Pixie the Opossum
Recently, I went to pick up my friend, Ana, & she had found a new friend whom she named Pixie. Pixie is a baby opossum & Ana rescued him from being tossed away as road-kill with his mama. It was Mother’s Day & his mama had been dying for awhile after being hit by an unknowing car or truck on the country road where he was found. Ana watched as Pixie crawled out of his mother’s pouch & when her body was scooped up & carted away, he ran around in circles of distress. She picked him up with a plastic bag for safety & brought him over to her friend’s nearby yard. They tried to get him to eat cabbage leaves & grass & drip milk into his mouth but he would have none of it. When I arrived on the scene a little later Pixie looked listless & we weren’t sure how long he would live. Because Ana has a big heart, she wanted to bring him home & try to save him from the certain death of cold or as prey to a hawk or crow. Once there, we were able to feed him some cow’s milk from an eye dropper & looked up opossums on the internet to figure out how to care for this completely dependent little being.
There was a lot of information online about caring for opossums & we learned a lot about them; most important of which had to do with NOT raising them yourself. Little marsupials, of which opossums are the only species in N. America, are very dependent on their mothers for quite awhile & difficult to care for with specific dietary needs as well as the need for siblings, other opossums to help them become the opossum they are meant to be. Little Pixie already had fur, so was not the infant we had thought him to be. Opossums are born the size of a kidney bean, or bumble bee, completely hairless with closed eyes & no back legs. All they have to do is latch on to mama’s nipple & stay there for several weeks. There are usually 10-13 young jacks & jills (as the young are known) in a litter. They grow very quickly & our Pixie was most likely between 2 & 3 months old at about 4″ long. He was very curious & seemed to love to burrow his nose under anything. We learned that baby opossums need to be kept warm & when he wasn’t in his shoebox of cotton cloths (no terry cloth as it can catch on their little nails) laid on top of a heating pad, he enjoyed traveling in the pocket of a shirt where he could hear a heartbeat & feel the warmth of the human in the shirt.
One of the things we never did figure out (though we tried) was how to assist him in his elimination. Once we got him to a wildlife rehabilitation specialist (of which NY state seems to have at least one in each county), she knew just how to encourage this vital function & I’m sure he felt much better! Another difficult care giving issue is hydration: one website suggested subcutaneous injections of dextrose water which we didn’t feel prepared for so we kept offering diluted cow’s milk every few hours until we took him to his new home, where he was fed a special formula just for opossums that is kept refrigerated until it is mixed with warm water: he seemed to really like it.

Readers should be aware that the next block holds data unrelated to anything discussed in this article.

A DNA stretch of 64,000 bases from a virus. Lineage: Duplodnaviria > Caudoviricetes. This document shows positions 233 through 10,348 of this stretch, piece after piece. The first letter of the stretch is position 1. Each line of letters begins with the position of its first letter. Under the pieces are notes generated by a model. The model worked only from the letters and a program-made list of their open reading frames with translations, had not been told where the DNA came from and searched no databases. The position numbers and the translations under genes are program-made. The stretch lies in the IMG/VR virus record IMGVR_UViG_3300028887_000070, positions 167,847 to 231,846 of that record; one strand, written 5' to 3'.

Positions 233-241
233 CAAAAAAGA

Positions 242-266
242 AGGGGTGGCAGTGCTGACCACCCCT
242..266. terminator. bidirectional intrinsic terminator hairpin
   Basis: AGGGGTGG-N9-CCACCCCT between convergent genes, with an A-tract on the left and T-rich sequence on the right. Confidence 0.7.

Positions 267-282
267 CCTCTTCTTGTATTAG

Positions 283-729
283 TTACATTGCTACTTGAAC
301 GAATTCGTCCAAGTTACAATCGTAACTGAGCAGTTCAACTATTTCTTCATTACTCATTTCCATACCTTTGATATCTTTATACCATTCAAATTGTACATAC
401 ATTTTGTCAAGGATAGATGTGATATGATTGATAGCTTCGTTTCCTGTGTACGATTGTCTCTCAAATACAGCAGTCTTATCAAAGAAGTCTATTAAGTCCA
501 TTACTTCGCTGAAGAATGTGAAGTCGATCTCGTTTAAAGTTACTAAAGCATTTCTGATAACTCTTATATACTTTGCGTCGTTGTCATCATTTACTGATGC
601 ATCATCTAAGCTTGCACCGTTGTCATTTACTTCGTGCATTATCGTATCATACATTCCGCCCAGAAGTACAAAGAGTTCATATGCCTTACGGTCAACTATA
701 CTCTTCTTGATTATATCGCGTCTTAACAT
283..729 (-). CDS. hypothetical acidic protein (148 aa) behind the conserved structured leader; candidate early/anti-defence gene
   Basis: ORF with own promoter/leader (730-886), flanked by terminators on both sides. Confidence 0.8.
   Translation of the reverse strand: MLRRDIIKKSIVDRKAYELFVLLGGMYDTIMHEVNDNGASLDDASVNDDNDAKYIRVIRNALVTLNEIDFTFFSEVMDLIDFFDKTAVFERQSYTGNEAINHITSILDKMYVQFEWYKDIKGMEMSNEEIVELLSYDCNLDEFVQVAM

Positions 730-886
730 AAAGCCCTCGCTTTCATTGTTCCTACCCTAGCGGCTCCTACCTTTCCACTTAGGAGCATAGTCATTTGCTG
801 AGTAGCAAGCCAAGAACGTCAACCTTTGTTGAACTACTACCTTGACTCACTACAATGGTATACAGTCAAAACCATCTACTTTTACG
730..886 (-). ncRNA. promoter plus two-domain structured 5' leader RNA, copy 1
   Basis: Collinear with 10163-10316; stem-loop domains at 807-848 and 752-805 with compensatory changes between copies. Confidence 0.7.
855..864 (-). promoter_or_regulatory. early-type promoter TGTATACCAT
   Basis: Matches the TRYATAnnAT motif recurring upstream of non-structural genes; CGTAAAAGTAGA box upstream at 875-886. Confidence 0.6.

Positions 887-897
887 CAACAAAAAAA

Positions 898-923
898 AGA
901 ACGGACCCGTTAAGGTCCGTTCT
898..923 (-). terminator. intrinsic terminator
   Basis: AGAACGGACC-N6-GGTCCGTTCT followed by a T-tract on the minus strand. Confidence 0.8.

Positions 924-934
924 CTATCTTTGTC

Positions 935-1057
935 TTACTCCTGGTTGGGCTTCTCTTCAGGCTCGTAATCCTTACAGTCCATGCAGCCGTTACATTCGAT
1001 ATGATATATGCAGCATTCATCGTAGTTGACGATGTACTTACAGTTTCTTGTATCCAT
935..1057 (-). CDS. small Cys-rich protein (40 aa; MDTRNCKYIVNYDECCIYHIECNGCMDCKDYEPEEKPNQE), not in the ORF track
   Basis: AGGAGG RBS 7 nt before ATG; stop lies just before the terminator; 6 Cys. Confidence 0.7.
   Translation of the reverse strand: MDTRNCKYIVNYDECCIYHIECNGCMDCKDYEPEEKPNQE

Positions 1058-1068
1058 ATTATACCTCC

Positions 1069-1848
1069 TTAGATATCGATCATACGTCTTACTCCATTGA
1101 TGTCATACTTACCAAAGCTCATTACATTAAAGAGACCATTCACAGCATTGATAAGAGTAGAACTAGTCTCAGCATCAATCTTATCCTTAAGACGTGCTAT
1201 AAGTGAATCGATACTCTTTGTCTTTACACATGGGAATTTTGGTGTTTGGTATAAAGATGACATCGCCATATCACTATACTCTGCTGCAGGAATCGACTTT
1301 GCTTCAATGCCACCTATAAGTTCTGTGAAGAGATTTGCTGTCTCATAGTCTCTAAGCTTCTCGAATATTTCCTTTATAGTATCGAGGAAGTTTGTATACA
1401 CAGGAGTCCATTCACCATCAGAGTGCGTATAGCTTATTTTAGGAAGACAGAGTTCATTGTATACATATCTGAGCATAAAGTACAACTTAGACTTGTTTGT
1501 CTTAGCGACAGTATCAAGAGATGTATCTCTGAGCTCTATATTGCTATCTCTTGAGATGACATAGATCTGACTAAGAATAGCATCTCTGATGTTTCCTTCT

We learned that when Pixie is 10″ long he can be released into the wild & that he will grow up better adjusted if he has other opossums to hang out with, each teaching the other how to be better ‘possums. Another thing that kept us from keeping this adorable little creature was the knowledge that in a few weeks he would most likely be trying to bite & scratch us, becoming aggressive, which is a good sign in an animal you want to release back into the wild. We also read that if you keep them, you’d better be prepared to have your furniture ruined & your house smell because, despite the absolute cuteness of the baby, they are a wild animal & will get feisty & stinky.
What saved us from ruined furniture & getting up during the night to feed the little guy, was NY state’s dedicated wildlife rehabilitators. They are listed by the DEC (dept. of environmental conservation) by county & we found several in our locale, all of whom responded quickly & positively to our request for assistance. These folks are certified by the state to care properly for injured or endangered animals including (but not limited to) raptors, rabbits, foxes, bears & other smaller furry things. One woman I spoke to had recently released a great blue heron that had been found unable to fly because of a fish hook in its wing & the fishing line that was wrapped around it. This is a volunteer position that requires 24 hour a day, 7 day a week attention & care all year round. Spring is a particularly busy time due to all the babies being born & the sometimes devastating effects of interactions with humans encroaching into their habitats.
We are so happy to have experienced a short time with our little Pixie & that there are people trained & willing to give assistance to animals in need. I encourage everyone to donate to their local wildlife rehabilitation specialist or non-profit organization & if you see a wild animal in need to get it to these amazing angels because if anyone can give them a chance at life, it is these dedicated folks. We are going to check back in to see how Pixie is doing & maybe even attend his release party when that day comes & we will feel so proud to have taken part in giving one wild animal a chance for life.